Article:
What are we to make of this picture? Fr Bridgett answers,

"It may either have commemorated an historical event, or its execution may be considered an historical event in itself. It is not, nor does it record an act of private devotion... Acolytes were holding lighted tapers and two angels were represented as taking part in a solemnity. It is the consecration of England, through its Sovereign to the Blessed Virgin. It was before the eyes of every King and noble until hidden by Edward VI [3]".

We may assume that this information was widely known among the population in pre-Reformation England and indeed on the Continent. Nevertheless, the
allocution of Leo XIII to the English bishops in 1893 is the first reference by a Pope to the Dowry of Mary. H is speech not only gives papal authority to the tradition, but it encourages the English to continue the tradition and make it a living one. This the bishops endeavoured to do. Apart from responding to the Pope's desire for a solemn rite of dedication, they further requested that:

a) the consecration be repeated in every church in the country on July 2nd, then the feast of Our Lady's Visitation;

b) that it be repeated every year, to Our Lady on Rosary Sunday and to St Peter on the Sunday within the octave of his feast. Flowers as a tribute from Our Lady's Dowry should adorn the altar or statue of the Blessed Virgin. It was, moreover, suggested that to promote devotion to St Peter, an altar or picture be erected in all churches, or a facsimile of the statue in St Peter's Basilica, which we see in the Oratory and other churches to this day.

Faced with the increasing secularisation and deChristianisation of the world and the many difficulties associated with it for mankind, the present Pope has
repeatedly urged a policy of re-evangelisation. A part of that process in Europe is the re-tracing of its Christian roots, customs and traditions. But Pope John Paul II, like his predecessor, does not intend it to be a purely historical exercise. History is not a simple recording of the past but a teacher for the present. It is in the nature of any worthwhile dedication, devotion or tradition that it be kept alive and up to date. The present Holy Father himself has made many Acts of Entrusting to Our Lady throughout the world.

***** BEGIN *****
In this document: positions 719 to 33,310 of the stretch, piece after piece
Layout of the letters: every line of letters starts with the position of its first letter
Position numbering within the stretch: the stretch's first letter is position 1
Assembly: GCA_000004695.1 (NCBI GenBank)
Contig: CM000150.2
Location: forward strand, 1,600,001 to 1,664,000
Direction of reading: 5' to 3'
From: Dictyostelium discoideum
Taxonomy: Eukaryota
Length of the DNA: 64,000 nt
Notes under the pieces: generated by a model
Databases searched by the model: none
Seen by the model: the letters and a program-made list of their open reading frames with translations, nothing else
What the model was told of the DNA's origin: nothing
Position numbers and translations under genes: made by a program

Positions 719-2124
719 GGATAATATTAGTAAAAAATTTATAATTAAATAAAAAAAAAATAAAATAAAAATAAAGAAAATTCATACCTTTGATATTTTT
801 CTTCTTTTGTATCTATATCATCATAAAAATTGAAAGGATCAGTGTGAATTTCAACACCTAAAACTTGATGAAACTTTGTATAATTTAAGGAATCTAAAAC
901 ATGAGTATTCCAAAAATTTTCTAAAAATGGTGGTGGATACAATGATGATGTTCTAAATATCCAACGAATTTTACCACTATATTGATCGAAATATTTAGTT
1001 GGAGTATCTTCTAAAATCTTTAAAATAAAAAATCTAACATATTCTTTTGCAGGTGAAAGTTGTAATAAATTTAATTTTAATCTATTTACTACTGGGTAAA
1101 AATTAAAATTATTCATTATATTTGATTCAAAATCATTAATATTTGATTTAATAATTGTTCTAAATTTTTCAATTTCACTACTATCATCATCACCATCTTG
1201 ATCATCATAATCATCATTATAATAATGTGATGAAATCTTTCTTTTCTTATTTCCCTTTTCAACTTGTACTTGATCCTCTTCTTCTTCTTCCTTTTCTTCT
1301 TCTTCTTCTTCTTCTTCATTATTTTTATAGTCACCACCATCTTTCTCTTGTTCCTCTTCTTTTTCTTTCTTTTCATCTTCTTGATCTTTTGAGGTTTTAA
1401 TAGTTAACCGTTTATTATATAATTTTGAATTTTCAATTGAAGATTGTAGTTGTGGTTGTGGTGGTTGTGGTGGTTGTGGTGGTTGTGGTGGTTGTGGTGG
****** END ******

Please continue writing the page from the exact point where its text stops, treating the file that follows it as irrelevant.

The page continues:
The malaise that the country is at present undergoing, and which has been much commented on recently as a result of the alleged criminal activity of very young children, the effects of terrorism, etc., is, at root, a spiritual malady. Only by reaching back to the timeless spiritual remedies of the Christian era can we expect to be able to tackle them fully. The hope of the bishops expressed a hundred years ago remains valid:

"To sum up all, it may be said that, in the mind of the Holy Father, and in our mind, the object and purpose of this solemn consecration of England to the great Mother of God and to Blessed Peter is to obtain an abundant outpouring of blessings upon the whole country and people of England the blessing of unity in Faith, Hope and Charity the blessing of such temporal plenty and prosperity as may redound to the glory of God and the salvation of souls."


1. This article is a summary of material which is taken from "
England's Title: Our Lady's Dowry: its history"' and meaning" by Rev TB Bridgett. CSS.R, collected in "The Church of Old England" vol. lll, C.T.S., London 1894.

2. Bridgett, Op. Cit. p. 5

3. Bridgett, Op. Cit. Pp. 15-16

Copyright ©; Fr Peter Bristow 2000

This version: 18th February 2010